Painter of the people

Published: Thursday, October 25, 2007 

As anyone who has tried it knows, one of the greatest challenges in art is drawing people.

People, it turns out, are experts at knowing what people should actually look like. It might be OK to wing it on that landscape or still life, but get the nose a little off, put the eyes in slightly the wrong place, or just bobble the chin by a millimeter, and your portrait masterpiece quickly becomes laughable.

Consider, then, Jerry Ross, a Eugene artist who has developed a following in town for his fine oil-on-canvas portraits.

Painting one figure is no longer enough to satisfy the 63-year-old artist. Lately he’s been trying to work whole crowds into a single painting.

“Multi-figure painting: It’s probably the ultimate challenge,” Ross says. “It is one thing to do a portrait, or even do one figure standing somewhere. When you have to have more than one figure in relationship to one another it becomes quite a challenge technically and in terms of draftsmanship, if nothing else.”

Putting more than one person into a single painting is, in fact, far more difficult than the sum of all those individual paintings.

“They have to be convincing not just as individuals,” Ross says, “but as a group. It’s a gestalt, and the gestalt has to work. You can’t just have a convincing figure alone. They have to work together. It’s like choreography.”

You can see Ross’ new work with multi-figure painting in a show that opens Tuesday at the Springfield Museum. Titled “La Spiaggia” — “The Beach” — the show is built around a series of quickly executed oil sketches Ross has, in recent months, been painting of beach scenes in Italy.

The paintings are quick, light and loose, almost Impressionistic in their handling of light and detail. He’s painting them fast, trying for an economy of expression that reduces the complex images of people and umbrellas to a few deft brush strokes.

Ross has been interested in multi-figure painting for years. In addition to his portraits and landscapes, he’s worked steadily on a series of canvases that are based on Old Master history paintings of battle scenes or mythological figures.

In those paintings, the blocked-in compositions are borrowed — “quoted” might be the correct postmodern term — from classical European painting masters.

They have served as an apprenticeship for multi-figure work, but, until now, Ross hasn’t been satisfied with his own multi-figure works.

“I have attempted this in the past and have been less successful with my own compositions,” he says. “I was very successful at copying other artists like Rafael and Veronese. When I went off on my own with original material, I was not being very successful.”

Enter the beach.

Maybe all that Mediterranean sun and sand made Ross loosen up a bit. Maybe all that work researching past masters — and all the hours he worked in the studio, around his day job as a computer science teacher at Lane Community College — have finally paid off.

In any case, he calls the beach paintings an artistic breakthrough.

“I try, once in a while, real hard to have a breakthrough,” he says. “Just being able to paint spontaneously, and, without a lot of effort, get these multi-figure compositions to work — and do it with several brush strokes and to be able to build on that and make a bigger composition.”

A strong influence on Ross’ work has been his discovery, some years ago, of a 19th century Italian art movement little known outside the world of art history.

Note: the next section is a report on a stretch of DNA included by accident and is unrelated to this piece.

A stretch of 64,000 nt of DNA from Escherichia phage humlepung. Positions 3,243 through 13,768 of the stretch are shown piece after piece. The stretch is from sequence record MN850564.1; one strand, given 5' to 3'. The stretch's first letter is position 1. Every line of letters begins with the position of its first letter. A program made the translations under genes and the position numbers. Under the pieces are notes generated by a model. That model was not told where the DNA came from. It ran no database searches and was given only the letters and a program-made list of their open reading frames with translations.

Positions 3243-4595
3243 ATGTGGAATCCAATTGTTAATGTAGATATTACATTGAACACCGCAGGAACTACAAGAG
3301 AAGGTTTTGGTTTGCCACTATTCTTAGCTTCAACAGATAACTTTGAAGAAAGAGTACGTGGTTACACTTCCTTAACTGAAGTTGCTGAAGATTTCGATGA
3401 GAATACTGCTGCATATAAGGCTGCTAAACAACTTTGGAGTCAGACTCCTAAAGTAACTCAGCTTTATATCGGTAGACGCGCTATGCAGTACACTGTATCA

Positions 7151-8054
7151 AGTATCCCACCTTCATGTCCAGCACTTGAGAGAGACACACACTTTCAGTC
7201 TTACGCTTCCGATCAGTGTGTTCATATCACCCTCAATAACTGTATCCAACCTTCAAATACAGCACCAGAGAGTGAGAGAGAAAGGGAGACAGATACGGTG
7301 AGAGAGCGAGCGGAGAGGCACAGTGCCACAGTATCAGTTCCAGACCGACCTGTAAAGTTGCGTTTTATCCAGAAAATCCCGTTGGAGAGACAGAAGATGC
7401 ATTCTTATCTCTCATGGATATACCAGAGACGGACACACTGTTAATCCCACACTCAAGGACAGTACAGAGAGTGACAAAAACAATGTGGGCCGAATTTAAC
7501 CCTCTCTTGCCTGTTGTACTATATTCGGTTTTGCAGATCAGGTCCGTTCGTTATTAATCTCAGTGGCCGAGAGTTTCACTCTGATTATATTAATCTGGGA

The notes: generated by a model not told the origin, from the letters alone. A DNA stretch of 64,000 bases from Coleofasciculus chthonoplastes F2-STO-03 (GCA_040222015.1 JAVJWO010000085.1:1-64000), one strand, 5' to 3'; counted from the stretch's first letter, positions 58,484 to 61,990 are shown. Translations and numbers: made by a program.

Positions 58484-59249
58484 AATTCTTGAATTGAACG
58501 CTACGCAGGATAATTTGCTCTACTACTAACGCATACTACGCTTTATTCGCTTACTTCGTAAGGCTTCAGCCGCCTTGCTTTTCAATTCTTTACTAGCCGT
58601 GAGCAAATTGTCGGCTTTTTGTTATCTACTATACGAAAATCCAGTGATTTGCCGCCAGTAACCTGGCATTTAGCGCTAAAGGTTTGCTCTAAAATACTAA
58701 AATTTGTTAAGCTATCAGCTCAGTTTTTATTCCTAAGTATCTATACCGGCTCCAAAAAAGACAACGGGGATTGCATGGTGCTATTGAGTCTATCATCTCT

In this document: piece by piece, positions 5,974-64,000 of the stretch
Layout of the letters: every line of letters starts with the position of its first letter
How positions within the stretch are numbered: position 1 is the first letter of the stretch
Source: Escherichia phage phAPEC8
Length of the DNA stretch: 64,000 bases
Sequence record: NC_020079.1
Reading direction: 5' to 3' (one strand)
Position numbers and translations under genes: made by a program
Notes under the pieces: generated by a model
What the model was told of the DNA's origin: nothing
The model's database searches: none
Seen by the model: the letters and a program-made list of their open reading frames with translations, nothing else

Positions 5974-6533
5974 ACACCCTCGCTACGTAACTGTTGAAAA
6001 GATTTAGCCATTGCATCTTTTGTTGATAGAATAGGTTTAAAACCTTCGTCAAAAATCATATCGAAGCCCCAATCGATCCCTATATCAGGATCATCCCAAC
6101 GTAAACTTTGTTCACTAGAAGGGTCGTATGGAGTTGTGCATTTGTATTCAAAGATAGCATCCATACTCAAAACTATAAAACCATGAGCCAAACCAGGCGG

The Macchiaioli, as the group came to be called, were already revolting against European academic conventions in art a decade before the Impressionists cut loose in Paris. Like the French radicals who would follow, the Macchiaioli made paintings that were loose, fast and lively, painted on the spot instead of in a studio.

But while the Impressionists painted soft landscapes, flowers and dancers, the Macchiaioli, many of whom were disillusioned military veterans, painted military and even battle scenes in addition to landscapes and genre paintings.

That gives them common ground with one of the few groups of artists actively doing multi-figure paintings in America today: the Western artists who do cowboy and Indian and Civil War history paintings.

Which brings Ross to a favorite complaint. Like the Macchiaioli more than a century ago, and like the cowboy and Indian artists of today, Ross feels sidelined by what he calls a rigid 21st century academy of art: university art departments.

“Academic art departments are almost 100 percent conceptual,” Ross says. “They do installations, art that is based on an abstract concept, and usually implemented through multimedia, as opposed to paint and brushes and canvas.”

Ross kind of likes that underdog stance. He also identifies with the leftist politics of the Macchiaioli.

In 1968 — then named Gerald Gross — Ross was one of nine people arrested by federal marshals in an anti-draft protest in his home town of Buffalo, N.Y.; the case became celebrated as the Buffalo Nine.

Ross was charged with assault on a federal marshal. After two hung-jury trials, his charges were dropped. Four of the nine were convicted and two did time in federal prison.

These days his activism is mainly artistic. Ross founded the popular Salon des Refusés, which shows works rejected by the Eugene Mayor’s Art Show, and was an early backer of DIVA, the community art center downtown.

Even underdogs sometimes have their day.

While none of the Macchiaioli ever met with much critical or financial success in their lifetimes — even the name “Macchiaioli” was a derisive term, much as “Impressionist” would be — they are now considered the most important artistic movement in 19th century Italy.